Friday, September 14, 2012

Crepidula fornicata: descriptive name or tasteless joke?

The name Crepidula fornicata always elicits giggles.  Understandably.  The last place anyone expects to see rude jokes is in an official Latin name.

The snails themselves are the most abundant and widely recognized slipper snails.  They are originally from the east coast of North America.  But they were introduced into England in the late 19th century and are now also widely distributed in Europe.  Like all calyptraeids they change sex from male to female.  One unusual thing about Crepidula fornicata is that the animals often stack up one on top of the other. The males, which are smaller, sit on the backs of the females (can you see where this is going?). 

Clusters of Crepidula fornicata attached to a clam shell.
So how does this relate to the name Crepidula fornicata
The genus name, Crepidula, is straightforward Latin and refers to a small slipper or sandal.  This name was first applied to slipper shells in 1822 by the great evolutionary biologist and natural historian Jean-Baptiste Lamarck, and has been used every since.   

The species name, fornicata (giggle), which distinguishes this species from other species of Crepidula is even older, and the meaning is not so clear.  Following the system designed by Carl Linnaeus - the originator of the naming system we use today – the species name is usually descriptive.  This helps biologists remember the names of the species:  Crepidula plana is flat; Crucibulum spinosum is spiny; and so forth.

So the serious and rather dry explanation for the name fornicata is that when Linnaeus himself coined the name in 1758 he was referring to the shape of the shell.  Fornicata from the root fornicatus means vaulted or arched. 

Crepidula fornicata "fornicating"
BUT…. Could the name also be a lascivious reference to the animals’ sex lives?
A rude joke would be in character for Linnaeus.  Surprisingly, going against all of our stereotypes of dry old scientists, there are quite a few records of Carl’s sense of humor.  He famously named the blue whale Balaenoptera musculus, which means both “muscular” but also “little mouse".  He pointedly named a useless and obscure weed after one of his critics.  His salty language and focus on the sexual organs of flowers for identification (features that are still useful today), was considered at the time as "too smutty for British ears".  He also named a number of clams and mussels for their resemblance to female genitalia.  Smutty indeed.  And not something most of us would notice when facing a plate of clams with garlic and olive oil.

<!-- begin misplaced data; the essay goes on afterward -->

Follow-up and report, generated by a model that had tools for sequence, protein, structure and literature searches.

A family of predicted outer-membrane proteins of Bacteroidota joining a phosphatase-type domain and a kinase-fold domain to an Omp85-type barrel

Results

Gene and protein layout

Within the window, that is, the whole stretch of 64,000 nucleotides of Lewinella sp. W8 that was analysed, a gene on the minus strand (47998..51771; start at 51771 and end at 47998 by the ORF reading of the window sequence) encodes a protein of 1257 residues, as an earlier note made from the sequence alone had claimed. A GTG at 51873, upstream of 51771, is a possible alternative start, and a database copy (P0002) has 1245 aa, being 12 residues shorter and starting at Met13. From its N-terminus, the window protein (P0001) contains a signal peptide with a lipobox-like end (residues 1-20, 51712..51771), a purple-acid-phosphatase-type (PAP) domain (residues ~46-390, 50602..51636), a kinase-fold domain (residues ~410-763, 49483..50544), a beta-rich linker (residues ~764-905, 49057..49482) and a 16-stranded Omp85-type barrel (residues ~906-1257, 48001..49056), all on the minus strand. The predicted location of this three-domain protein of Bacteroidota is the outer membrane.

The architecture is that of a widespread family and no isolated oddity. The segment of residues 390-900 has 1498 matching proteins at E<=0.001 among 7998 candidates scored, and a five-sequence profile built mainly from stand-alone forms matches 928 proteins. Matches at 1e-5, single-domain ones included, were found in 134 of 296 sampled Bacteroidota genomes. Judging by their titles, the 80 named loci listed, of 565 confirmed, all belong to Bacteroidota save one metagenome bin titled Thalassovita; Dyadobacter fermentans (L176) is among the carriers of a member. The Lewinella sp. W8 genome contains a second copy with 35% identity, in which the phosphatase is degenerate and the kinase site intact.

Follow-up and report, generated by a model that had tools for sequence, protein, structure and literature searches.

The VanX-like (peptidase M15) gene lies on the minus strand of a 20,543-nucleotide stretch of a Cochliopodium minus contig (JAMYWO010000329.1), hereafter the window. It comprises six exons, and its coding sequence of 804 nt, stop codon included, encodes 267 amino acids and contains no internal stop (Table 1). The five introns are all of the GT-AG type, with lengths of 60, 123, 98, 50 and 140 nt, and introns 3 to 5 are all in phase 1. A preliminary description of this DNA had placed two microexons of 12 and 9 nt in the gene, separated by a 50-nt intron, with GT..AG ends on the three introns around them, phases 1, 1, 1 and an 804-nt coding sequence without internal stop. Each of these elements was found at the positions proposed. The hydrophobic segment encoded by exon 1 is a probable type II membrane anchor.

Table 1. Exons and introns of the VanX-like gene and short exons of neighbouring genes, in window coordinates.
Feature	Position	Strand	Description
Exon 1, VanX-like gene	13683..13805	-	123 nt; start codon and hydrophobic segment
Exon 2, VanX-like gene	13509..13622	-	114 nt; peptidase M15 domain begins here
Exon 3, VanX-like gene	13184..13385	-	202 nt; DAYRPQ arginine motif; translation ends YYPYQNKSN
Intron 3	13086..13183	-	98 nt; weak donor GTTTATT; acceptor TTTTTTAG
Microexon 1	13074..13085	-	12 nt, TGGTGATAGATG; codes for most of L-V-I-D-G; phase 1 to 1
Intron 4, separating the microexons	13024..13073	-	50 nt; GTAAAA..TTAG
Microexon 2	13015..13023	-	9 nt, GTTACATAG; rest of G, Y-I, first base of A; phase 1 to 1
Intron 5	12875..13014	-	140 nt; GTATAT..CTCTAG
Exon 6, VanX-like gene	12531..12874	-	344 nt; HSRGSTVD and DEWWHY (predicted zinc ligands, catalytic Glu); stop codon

The original description gives us no clues:  Oval shell, intact posterior, obliquely curved, concave rear lip.  Habitat to Elba Island.  Differs from the preceding base lateral, white concave shelf.”

I don’t know if the name fornicata reflected Linnaeus’ knowledge of the sex lives of these snails.  It seems unlikely.  At the time samples reaching Europe from the New World were almost exclusively shells.  Sex change in Crepidula was not to be discovered for another 150 years, but perhaps reports of aggregations of small and large animals reached Linnaeus.  Maybe that was all the suggestion he needed.  With his naughty interpretation of so much biology and his propensity to pun, it is quite possible that the name is a clever wordplay on fornicatus meaning arched, and fornicor meaning to fornicate or to prostitute.

Saturday, September 1, 2012

Parking Lot Ecotourism

Look what we saw from my office window today!

It seems that the two-toed sloths like to forage in that particular tree. Someone told me that sloths especially like the white flowers on these trees, but from here I can’t see any flowers.   I most often see the sloths around 4pm, just after the students leave for the van that takes them back to the city.  Sloths aren’t social but there are usually two together, and I wonder why; are they mother and baby? They look too close in size for that.  Friends? Competitors, each one trying to get to the best leaves first?

For marine biologists it is fantastic and a little bit unusual to be so close to forest animals. Because the island is so small, wildlife from the seasonal dry forest on Naos and Culebra often venture down into the parking lot. And they come close to the office windows. So we can see some nice animals from the comfort of our office chairs. It makes a nice break.

We often see green iguanas sunning themselves on the roofs. It’s a treat to see a large male climbing up the papaya trees around the lab. They feast on the fruit as they ripen, leaving none for us.

Green iguana and papayas

In the early evening it’s common to see armadillos at the edge of the shrubbery. Bats come later to feed on the fruits of the sea almond trees planted around the parking lot. At night they are just a flurry of wings in the dark, but in the morning we find the chewed fruits lying under the trees.

Nine-banded Armadillo

We are also surrounded by numerous smaller animals: lizards, song birds, myriad insects, spiders, scorpions….  Even though we are biologists, few of us stop to observe these less obvious animals.  We keep our heads down as we hurry from the parking lot to our offices in the morning or head home at the end of the day.  But who doesn’t stop to watch a sloth?